Vietnam's economic recovery has continued despite heightened economic uncertainties regarding higher global inflation and slowing economic growth in major trading partners, the World Bank (WB) said in its latest report.
|Cars production at Vinfast's plant. Photo: Pham Hung/ The Hanoi Times|
In August, the country’s industrial production index (IPI) increased by 15.6% – nine percentage points higher than in July, for which the report suggested such a high growth rate is mostly due to the low-base effects as industrial production was severely affected by Covid-19 health-related lockdowns a year earlier.
Nonetheless, the sector also registered a 2.9% month-on-month growth, highlighting its continued good performance beyond the low-base effect.
The most dynamic sub-sectors included electronics (12% month on month) and transport equipment (15%).
The PMI manufacturing increased from 51.2 in July to 52.7 in August, marking eleven months of manufacturing expansion.
In addition, retail sales increased by 50.2% year-on-year in August, compared to 40.3% in July. On the other hand, the arrivals of international tourists continued apace in August with 486,400 international visitors, which was 37.9% higher than in July, yet only one-third of pre-pandemic levels.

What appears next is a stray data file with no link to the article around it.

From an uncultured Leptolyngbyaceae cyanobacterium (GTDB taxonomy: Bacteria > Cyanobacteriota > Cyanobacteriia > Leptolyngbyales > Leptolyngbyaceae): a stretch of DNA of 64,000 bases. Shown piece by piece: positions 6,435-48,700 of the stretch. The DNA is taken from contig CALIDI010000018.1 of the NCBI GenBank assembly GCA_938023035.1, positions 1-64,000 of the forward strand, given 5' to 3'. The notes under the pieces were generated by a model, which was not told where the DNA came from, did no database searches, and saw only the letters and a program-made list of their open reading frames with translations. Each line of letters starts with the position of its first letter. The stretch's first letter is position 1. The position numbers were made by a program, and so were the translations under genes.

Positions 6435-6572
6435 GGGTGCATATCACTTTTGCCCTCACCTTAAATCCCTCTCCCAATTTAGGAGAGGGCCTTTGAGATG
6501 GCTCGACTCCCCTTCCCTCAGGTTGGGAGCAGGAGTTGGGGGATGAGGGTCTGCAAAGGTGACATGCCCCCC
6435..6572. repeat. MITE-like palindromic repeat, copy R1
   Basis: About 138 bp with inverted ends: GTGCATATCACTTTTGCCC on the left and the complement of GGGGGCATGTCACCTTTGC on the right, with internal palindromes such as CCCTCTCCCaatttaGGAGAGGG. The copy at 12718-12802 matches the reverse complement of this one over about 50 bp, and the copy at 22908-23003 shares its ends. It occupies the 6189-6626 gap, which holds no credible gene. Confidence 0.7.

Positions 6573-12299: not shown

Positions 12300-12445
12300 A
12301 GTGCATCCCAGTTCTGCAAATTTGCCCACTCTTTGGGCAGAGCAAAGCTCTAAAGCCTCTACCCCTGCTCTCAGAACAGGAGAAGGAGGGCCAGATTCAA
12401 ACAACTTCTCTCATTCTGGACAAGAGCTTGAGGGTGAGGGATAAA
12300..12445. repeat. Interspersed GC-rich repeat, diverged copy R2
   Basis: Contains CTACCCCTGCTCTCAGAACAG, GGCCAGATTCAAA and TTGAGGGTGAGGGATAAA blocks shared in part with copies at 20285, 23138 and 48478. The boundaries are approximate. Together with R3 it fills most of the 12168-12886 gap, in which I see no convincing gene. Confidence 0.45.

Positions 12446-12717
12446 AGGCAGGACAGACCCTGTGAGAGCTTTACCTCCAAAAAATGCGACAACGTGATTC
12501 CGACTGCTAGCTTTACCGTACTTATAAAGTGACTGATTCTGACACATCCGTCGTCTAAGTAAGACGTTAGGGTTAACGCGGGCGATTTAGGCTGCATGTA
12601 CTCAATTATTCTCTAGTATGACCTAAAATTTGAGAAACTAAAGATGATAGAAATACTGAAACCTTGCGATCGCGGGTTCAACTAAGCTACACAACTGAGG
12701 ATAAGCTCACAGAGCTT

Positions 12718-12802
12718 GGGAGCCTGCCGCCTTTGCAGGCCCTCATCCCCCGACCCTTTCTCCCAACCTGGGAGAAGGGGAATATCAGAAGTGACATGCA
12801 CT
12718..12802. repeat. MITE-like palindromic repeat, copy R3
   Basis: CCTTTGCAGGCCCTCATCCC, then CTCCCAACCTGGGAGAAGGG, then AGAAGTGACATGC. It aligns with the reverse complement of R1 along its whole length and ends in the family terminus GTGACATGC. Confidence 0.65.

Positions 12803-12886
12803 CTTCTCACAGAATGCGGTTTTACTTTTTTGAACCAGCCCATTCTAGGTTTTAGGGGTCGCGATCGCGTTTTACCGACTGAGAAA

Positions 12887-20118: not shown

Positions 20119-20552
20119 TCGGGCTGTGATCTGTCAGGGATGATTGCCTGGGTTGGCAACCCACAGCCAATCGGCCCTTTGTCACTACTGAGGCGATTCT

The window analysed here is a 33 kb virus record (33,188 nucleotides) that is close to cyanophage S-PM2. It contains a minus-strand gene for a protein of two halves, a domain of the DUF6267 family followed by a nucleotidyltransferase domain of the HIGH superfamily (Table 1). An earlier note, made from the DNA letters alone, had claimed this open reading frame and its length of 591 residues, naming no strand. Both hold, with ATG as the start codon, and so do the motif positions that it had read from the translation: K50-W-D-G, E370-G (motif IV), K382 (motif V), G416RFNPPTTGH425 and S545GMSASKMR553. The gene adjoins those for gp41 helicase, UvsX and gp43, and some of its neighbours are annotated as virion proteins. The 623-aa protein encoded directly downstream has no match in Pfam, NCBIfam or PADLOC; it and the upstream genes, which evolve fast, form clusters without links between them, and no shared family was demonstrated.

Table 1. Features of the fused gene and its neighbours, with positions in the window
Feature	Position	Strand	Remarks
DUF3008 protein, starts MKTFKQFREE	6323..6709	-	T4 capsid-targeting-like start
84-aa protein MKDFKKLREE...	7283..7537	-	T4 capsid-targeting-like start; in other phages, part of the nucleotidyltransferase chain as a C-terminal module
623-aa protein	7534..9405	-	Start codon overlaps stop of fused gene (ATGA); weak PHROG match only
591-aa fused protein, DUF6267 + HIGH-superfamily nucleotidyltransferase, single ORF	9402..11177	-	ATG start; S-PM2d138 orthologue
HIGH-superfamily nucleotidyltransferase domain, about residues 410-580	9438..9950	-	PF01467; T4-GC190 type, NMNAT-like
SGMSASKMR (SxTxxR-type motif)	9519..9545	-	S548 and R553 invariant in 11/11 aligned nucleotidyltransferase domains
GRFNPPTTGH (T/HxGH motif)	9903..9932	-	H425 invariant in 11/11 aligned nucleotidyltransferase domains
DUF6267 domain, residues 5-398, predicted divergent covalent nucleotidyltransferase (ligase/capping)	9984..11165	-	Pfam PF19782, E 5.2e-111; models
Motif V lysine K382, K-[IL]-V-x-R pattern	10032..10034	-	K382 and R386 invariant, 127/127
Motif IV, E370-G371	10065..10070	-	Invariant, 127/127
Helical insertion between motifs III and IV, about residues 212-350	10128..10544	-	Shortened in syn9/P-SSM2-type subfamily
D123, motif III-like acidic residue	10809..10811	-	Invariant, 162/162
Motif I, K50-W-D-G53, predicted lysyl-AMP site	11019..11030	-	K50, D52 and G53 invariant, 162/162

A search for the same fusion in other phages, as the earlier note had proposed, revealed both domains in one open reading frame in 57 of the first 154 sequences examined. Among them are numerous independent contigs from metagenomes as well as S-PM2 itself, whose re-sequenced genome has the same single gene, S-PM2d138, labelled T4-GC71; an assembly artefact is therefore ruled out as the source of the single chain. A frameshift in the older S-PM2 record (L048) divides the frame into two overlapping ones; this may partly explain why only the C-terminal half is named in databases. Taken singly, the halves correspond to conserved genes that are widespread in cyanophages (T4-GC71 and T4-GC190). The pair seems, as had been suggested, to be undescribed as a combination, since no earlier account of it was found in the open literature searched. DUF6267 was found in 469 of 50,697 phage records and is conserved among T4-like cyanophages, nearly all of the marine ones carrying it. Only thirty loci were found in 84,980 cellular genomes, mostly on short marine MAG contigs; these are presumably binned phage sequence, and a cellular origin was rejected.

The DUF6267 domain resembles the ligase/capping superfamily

Sales of consumer services were triple the level recorded a year earlier and 3.5% higher than its pre-pandemic level. The accommodation and catering services increased by 185.3%, contributing about 50% to the growth in sales of consumer services.
Traveling also soared, approaching its pre-pandemic level, while sales of goods maintained a strong growth of 31.9%.
Exports growth accelerated to 22.6% year-on-year in August compared to 9.8% in July while imports grew 13.3% compared to 4.9%.
On another note, the World Bank noted FDI commitments were 12.3% lower than a year earlier over the first eight months of 2022, reflecting investor caution given global uncertainties, but on the other hand, FDI disbursement continued apace in August (up 13.9% year-on-year), marking a nine-month rising trend.
The Consumer Price Index (CPI) inflation moderated from 3.1% in July to 2.9% in August mainly due to softening energy prices. Following the downward trend in the global market, prices of gasoline and diesel, important components in the transport category, dropped by 14.5% and 12.9%, respectively, compared to a month earlier, easing costs on consumers.
Nevertheless, the second-round effects of recent fuel price increases wended through the economy while domestic demand continued to strengthen, affecting food and core price increases. Food price inflation ticked up slightly from 3.0% in July to 3.3% in August as the price of foodstuffs and food consumption outside the home increased.
For the remainder of the year, the World Bank expected the Government to stay vigilant about inflation risks associated with food and core prices. Also, while fuel prices have softened recently, global fuel price movements are uncertain. Incentivizing alternative energy production and use would reduce the economy’s dependence on imported fuels and promote greener growth, added the World Bank.
Strengthening the social support system, including its registration, targeting, and disbursement systems would facilitate reaching affected citizens during such shocks, it stated.